Greatness Through Service

Matthew 20:17-34

17 Now Jesus, going up to Jerusalem, took the twelve disciples aside on the road and said to them, 18 “Behold, we are going up to Jerusalem, and the Son of Man will be betrayed to the chief priests and to the scribes; and they will condemn Him to death, 19 and deliver Him to the Gentiles to mock and to scourge and to crucify. And the third day He will rise again.”

20 Then the mother of Zebedee’s sons came to Him with her sons, kneeling down and asking something from Him.

21 And He said to her, “What do you wish?”

She said to Him, “Grant that these two sons of mine may sit, one on Your right hand and the other on the left, in Your kingdom.”

22 But Jesus answered and said, “You do not know what you ask. Are you able to drink the cup that I am about to drink, and be baptized with the baptism that I am baptized with?”

They said to Him, “We are able.”

23 So He said to them, “You will indeed drink My cup, and be baptized with the baptism that I am baptized with; but to sit on My right hand and on My left is not Mine to give, but it is for those for whom it is prepared by My Father.”

24 And when the ten heard it, they were greatly displeased with the two brothers. 25 But Jesus called them to Himself and said, “You know that the rulers of the Gentiles lord it over them, and those who are great exercise authority over them. 26 Yet it shall not be so among you; but whoever desires to become great among you, let him be your servant. 27 And whoever desires to be first among you, let him be your slave—28 just as the Son of Man did not come to be served, but to serve, and to give His life a ransom for many.”

29 Now as they went out of Jericho, a great multitude followed Him. 30 And behold, two blind men sitting by the road, when they heard that Jesus was passing by, cried out, saying, “Have mercy on us, O Lord, Son of David!”

31 Then the multitude warned them that they should be quiet; but they cried out all the more, saying, “Have mercy on us, O Lord, Son of David!”

32 So Jesus stood still and called them, and said, “What do you want Me to do for you?”

33 They said to Him, “Lord, that our eyes may be opened.” 34 So Jesus had compassion and touched their eyes. And immediately their eyes received sight, and they followed Him.

 

Introduction

In our passage last week, Jesus explained to the disciples that the high and mighty and wicked at the very top would be thrown down, and the humble at the very bottom would be exalted. That idea forms the background to our passage today. And the question of “how” exactly do the humble get exalted, is one that Jesus answers.

The War Council of the King (v. 17-19)

Jesus has left Galilee (the rural territory) and gone to Judea (the wealthy, politically central territory) and now He is headed to the heart of Judea, Jerusalem. Consistently, throughout the Bible, when you go to Jerusalem, you are going up. It is not just because Jerusalem is in a mountainous place, but because this is where the temple is, and the temple is the great mountain up to God. It was symbolically the highest point on the planet. And Jesus and the disciples are going up to Jerusalem, and as they are going up, Jesus lays out precisely what is going to happen to the disciples. He is going to be betrayed. And who is He going to be betrayed to? The chief priests and scribes. And what will the chief priests and scribes do? They will condemn Him to death. And they will have Gentiles carry it out, first by mocking, then scourging, and finally crucifixion. But the third day He will rise again.

This trip to Jerusalem is Jesus marching to His death. He is a king going on a great campaign, about to engage in His final battle. That is how we must look at what Jesus is doing here. He is a king going to war. And this king gathers His twelve closest lieutenants to Him as a war council and goes over the strategy with them. That is what we are seeing with this scene.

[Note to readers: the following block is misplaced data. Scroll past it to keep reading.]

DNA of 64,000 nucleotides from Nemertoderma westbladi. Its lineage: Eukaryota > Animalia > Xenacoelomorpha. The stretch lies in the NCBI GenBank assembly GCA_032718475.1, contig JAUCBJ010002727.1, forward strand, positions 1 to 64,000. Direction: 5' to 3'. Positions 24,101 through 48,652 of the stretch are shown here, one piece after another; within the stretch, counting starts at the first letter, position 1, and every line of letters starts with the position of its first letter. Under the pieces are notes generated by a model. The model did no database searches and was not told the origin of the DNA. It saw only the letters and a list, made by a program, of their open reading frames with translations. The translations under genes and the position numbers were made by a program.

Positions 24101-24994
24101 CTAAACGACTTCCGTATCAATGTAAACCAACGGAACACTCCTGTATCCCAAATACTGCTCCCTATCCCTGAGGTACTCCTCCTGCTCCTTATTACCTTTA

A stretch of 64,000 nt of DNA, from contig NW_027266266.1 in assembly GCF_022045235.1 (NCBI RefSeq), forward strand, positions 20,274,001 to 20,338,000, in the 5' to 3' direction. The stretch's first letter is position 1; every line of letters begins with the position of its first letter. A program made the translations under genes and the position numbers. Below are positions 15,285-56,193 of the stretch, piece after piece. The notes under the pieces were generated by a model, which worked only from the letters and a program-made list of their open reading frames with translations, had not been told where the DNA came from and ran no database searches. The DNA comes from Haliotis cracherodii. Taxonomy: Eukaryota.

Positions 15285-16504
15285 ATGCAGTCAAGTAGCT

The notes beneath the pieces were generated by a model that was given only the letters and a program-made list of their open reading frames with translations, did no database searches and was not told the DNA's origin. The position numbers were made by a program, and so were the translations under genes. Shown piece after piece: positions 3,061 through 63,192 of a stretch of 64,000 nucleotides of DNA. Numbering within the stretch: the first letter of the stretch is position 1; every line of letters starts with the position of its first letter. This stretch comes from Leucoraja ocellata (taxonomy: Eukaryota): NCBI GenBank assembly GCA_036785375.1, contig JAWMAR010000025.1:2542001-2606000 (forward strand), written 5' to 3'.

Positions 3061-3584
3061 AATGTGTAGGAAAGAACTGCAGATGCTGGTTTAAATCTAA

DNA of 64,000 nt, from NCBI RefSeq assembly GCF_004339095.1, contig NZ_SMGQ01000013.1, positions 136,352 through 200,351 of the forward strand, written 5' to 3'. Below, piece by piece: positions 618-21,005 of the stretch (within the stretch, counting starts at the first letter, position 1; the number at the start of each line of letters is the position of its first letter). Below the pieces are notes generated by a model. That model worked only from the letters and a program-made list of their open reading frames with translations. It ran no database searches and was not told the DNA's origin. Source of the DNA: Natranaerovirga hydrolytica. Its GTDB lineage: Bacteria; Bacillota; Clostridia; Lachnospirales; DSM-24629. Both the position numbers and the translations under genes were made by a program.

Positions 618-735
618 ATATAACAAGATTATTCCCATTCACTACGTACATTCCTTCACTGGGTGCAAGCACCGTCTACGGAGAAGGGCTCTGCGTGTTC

How to be One of Jesus’s Top Guys (v. 20-28)

Which is what makes it so ironic, that the mother of James and John, shows up to advocate for her sons to Jesus. They already were the two of the three closest disciples to Jesus, along with Peter. Now she asks the rightful King of Israel, who is marching to His capital, when He comes into His kingdom, will He allow her sons to sit on His right and on His left.

What is she asking here? She is asking Jesus if her sons can be number 2 and number 3 in Jesus’ kingdom. Her response is ironic, because when Jesus gets to Jerusalem, who is going to be on His right and on His left? Thieves crucified with Him. He tells her, she does not understand what she is asking Him. He asks James and John, “Are you able to drink the cup that I am about to drink, and be baptized with the baptism that I am baptized with?” What is He asking them here? What is that cup and what is that baptism? It is His death. And they both answer affirmatively, almost certainly not knowing what He meant, despite being told what was going to happen just a few verses earlier. But even though they answer affirmatively, that they can drink His cup and be washed in His baptism, He tells them that only the Father will grant who will sit on His right and on His left. 

The rest of the disciples are indignant. They are offended that these brothers would presume to angle their way into a position of power, a position of power that is over them. But Jesus has His war council re-convene once again. He explains to them that the dynamics of the Kingdom of God are different than they think. The Gentile kings lord their authority over their subjects. But in Christ’s Kingdom, it is not like that. If you want to be great, you must be a servant. This is the very same word used elsewhere in the New Testament for one of the offices of the church: deacon. It means a servant who does menial work like waiting tables. It you want to be great, you need to do the lowest of service. And if you want to be first, if you want to be at the very top, you must be a slave. Even more intense than a servant, you must sacrifice all freedom and be totally at the disposal of everyone. That is how greatness is in Christ’s Kingdom. Greatness comes through service. How are the last made first? How are the humble exalted? Through service to others.